How to Create Your Own Comic Triples and Be More Like Your Idol, Joe Garza
There are several ways to utilize this formula for your own naughty uses. Below are a few ways to get started:
- Make the first two parts in the sequence broad, then make the last one specific:
- The types of people I hate the most are liars, cheaters, and Jimmy Fallon.
- Make the first two parts in the sequence specific, then make the last one broad:
- That’s it! I’ve officially declared war on Quebec, London, and pretty much all continental land masses!
- Make the last part completely unrelated to the first two:
- When I was kid, I always wanted to be either an astronaut, a secret agent, or an unlicensed gynecologist.
- Make the last part contradict or undermine the first two:
- All I need in life are friends, family, and alcoholism to shun them with.
- Restate a previously listed item
- I’m going to give a speech now, so shut up, listen, and shut up!
- Restate a previously listed item, but with a twist:
- Boys’ night out! I’ll bring the guns, the drugs, and the REALLY big guns!
Start Writing Your Own Comic Triples
Still need more intellectual handholding? Fine. Below are a few of those fill-in-the-blank exercises where I’ve already done about 90% of the work, and you get to do the bare minimum and proclaim yourself a satirical sage (spoiler alert: you’re not).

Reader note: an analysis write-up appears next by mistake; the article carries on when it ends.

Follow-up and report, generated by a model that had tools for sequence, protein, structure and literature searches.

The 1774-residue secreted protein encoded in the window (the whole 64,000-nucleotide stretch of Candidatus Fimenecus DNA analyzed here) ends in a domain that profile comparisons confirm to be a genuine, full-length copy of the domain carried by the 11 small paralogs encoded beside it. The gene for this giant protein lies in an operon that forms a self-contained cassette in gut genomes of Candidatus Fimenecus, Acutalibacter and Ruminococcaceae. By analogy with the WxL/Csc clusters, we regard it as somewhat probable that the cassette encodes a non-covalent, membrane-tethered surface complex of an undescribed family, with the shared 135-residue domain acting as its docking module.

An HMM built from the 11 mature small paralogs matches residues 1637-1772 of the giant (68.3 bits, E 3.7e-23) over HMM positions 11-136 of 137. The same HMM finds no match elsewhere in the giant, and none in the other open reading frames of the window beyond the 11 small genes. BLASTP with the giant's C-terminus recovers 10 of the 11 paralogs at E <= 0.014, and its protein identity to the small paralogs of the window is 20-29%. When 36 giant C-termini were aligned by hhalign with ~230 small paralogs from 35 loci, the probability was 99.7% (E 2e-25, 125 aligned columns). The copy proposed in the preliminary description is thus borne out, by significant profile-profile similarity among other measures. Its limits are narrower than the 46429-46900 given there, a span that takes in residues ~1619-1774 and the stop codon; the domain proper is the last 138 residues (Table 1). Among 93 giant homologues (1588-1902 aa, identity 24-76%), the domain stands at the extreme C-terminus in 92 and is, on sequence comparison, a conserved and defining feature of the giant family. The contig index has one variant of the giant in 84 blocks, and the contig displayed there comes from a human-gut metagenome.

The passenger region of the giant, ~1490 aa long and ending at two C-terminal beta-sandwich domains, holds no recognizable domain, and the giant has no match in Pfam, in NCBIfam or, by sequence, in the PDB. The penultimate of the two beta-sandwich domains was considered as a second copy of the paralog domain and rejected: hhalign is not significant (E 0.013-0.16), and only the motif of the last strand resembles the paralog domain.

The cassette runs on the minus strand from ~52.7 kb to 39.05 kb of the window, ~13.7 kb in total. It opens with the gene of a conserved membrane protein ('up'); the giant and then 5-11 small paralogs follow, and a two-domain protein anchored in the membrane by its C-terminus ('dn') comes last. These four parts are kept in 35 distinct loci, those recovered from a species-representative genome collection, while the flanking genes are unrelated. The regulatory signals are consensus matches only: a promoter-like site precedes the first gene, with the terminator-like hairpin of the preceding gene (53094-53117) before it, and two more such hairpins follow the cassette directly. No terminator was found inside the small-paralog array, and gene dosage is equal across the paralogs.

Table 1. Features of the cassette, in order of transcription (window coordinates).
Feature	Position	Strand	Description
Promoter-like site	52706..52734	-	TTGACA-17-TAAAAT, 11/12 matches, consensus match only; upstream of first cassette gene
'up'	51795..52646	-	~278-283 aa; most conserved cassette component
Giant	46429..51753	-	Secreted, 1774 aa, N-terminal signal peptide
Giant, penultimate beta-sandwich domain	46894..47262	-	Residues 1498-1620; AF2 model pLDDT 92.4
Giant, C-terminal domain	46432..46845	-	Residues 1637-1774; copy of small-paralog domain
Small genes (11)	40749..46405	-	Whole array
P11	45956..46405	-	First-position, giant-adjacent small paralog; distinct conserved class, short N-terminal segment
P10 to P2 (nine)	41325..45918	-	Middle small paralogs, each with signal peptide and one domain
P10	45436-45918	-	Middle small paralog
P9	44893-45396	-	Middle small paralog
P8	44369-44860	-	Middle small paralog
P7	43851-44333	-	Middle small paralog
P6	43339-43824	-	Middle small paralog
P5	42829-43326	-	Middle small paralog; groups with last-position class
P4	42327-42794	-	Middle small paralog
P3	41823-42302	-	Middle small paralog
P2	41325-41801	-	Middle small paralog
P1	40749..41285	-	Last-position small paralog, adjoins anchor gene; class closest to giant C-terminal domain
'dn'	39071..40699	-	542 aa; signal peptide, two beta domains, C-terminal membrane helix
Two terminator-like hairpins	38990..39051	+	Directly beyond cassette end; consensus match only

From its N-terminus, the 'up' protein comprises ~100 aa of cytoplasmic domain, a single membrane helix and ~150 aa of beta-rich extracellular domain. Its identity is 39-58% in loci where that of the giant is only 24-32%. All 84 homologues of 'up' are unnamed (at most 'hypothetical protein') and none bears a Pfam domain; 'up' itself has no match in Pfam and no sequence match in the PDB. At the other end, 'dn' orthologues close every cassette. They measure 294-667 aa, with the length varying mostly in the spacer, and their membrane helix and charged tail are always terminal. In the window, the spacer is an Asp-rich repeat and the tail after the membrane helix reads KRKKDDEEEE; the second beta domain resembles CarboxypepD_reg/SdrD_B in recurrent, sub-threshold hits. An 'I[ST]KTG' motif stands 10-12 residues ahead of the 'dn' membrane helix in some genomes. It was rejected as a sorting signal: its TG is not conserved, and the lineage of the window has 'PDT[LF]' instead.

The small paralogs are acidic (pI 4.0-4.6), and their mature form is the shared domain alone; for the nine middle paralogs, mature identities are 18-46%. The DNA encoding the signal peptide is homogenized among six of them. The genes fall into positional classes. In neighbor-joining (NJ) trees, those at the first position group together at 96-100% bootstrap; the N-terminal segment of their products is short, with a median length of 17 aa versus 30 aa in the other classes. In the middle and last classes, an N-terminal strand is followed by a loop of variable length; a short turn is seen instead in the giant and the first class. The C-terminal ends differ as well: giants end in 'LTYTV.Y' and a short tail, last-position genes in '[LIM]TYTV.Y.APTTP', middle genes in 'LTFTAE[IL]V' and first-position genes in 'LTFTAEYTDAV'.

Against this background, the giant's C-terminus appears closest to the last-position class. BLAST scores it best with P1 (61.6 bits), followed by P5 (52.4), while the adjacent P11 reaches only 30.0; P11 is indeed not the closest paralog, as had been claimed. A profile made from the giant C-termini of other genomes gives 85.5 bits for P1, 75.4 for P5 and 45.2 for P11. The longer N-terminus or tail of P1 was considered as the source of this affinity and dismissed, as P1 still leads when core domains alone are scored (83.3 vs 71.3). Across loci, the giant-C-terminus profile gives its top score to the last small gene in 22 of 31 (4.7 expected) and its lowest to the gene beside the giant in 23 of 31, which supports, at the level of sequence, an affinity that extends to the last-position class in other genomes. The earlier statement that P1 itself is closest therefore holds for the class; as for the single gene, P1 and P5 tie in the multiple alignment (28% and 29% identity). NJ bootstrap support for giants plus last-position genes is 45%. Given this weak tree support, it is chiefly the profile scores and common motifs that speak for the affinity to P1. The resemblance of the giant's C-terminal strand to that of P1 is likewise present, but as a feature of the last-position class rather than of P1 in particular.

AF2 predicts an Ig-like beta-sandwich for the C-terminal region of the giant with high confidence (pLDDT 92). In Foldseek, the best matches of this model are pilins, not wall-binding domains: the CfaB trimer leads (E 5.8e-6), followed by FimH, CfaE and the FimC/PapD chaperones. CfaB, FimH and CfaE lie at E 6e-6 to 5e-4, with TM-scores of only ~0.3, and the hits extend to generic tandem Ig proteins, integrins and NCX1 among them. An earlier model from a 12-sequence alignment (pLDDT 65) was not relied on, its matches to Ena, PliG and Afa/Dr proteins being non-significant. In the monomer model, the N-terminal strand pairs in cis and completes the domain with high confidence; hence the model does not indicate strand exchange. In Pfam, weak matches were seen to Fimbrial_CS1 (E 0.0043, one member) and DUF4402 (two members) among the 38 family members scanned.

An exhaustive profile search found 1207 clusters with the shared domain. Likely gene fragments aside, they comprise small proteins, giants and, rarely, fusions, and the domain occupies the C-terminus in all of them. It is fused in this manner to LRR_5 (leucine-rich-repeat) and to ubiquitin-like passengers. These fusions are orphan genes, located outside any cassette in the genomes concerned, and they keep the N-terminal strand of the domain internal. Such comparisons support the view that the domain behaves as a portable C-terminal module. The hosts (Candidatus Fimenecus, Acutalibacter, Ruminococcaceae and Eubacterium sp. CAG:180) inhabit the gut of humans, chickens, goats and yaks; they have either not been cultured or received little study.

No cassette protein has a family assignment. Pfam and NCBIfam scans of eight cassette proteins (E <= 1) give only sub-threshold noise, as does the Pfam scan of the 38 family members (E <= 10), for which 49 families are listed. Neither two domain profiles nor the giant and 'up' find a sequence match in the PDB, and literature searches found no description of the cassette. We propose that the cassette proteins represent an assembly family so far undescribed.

- Craigslist is a great place to buy used tools, furniture, and ____.
- Los Angeles is a fun place to visit, with plenty of nice restaurants, cool bars, and ____.
- The most important values to teach your children are tolerance, responsibility, and ____.
There! Now you’re pretty much a master of the English language. So next time you work on something that contains a series of details – whether they’re statements, ideas, or actions – think about how you can arrange them in this formula to wring a little extra humor out of your writing.
However, whichever method you employ to create your own comic triples, try to keep the first two items listed in the sequence as short as possible, as this will help make the reveal of the third item (which is usually longer than the previous two) more striking, and, therefore, more likely to provoke laughter. In William Shakespeare’s play, Hamlet, the character Lord Polonius states that “brevity is the soul of wit”, an aphorism that every humorist should live by.
Why the Comic Triple Works
Beginning a list with two related parts is enough to send the audience down one line of thinking, and one is just enough to completely derail it. Because the success of a joke, gag, or anecdote is based on its conciseness, expanding the sequence past three parts with the surprising bit at the end will test the audience’s patience, and can ruin the timing of a good line, and, consequently, your reputation as a humorist. Your boss will fire you, your friends will hate you, and your spouse will divorce you in a costly settlement. So whatever you do, don’t miss a beat in that triple rhythm, man.
And Here’s a Plug for Future Blog Posts!
Three parts is generally regarded to be the upper limit in comedy, but that doesn’t mean that organizing things in shorter sequences can’t work. Stay tuned, as I’ll also discuss how one liners and two-part formulas work in future blog posts. These will be separate posts, mostly because I need more clicks.
Got it? Good. Now get out there and wreak some triadic havoc on the world! (spoiler alert: you won’t.)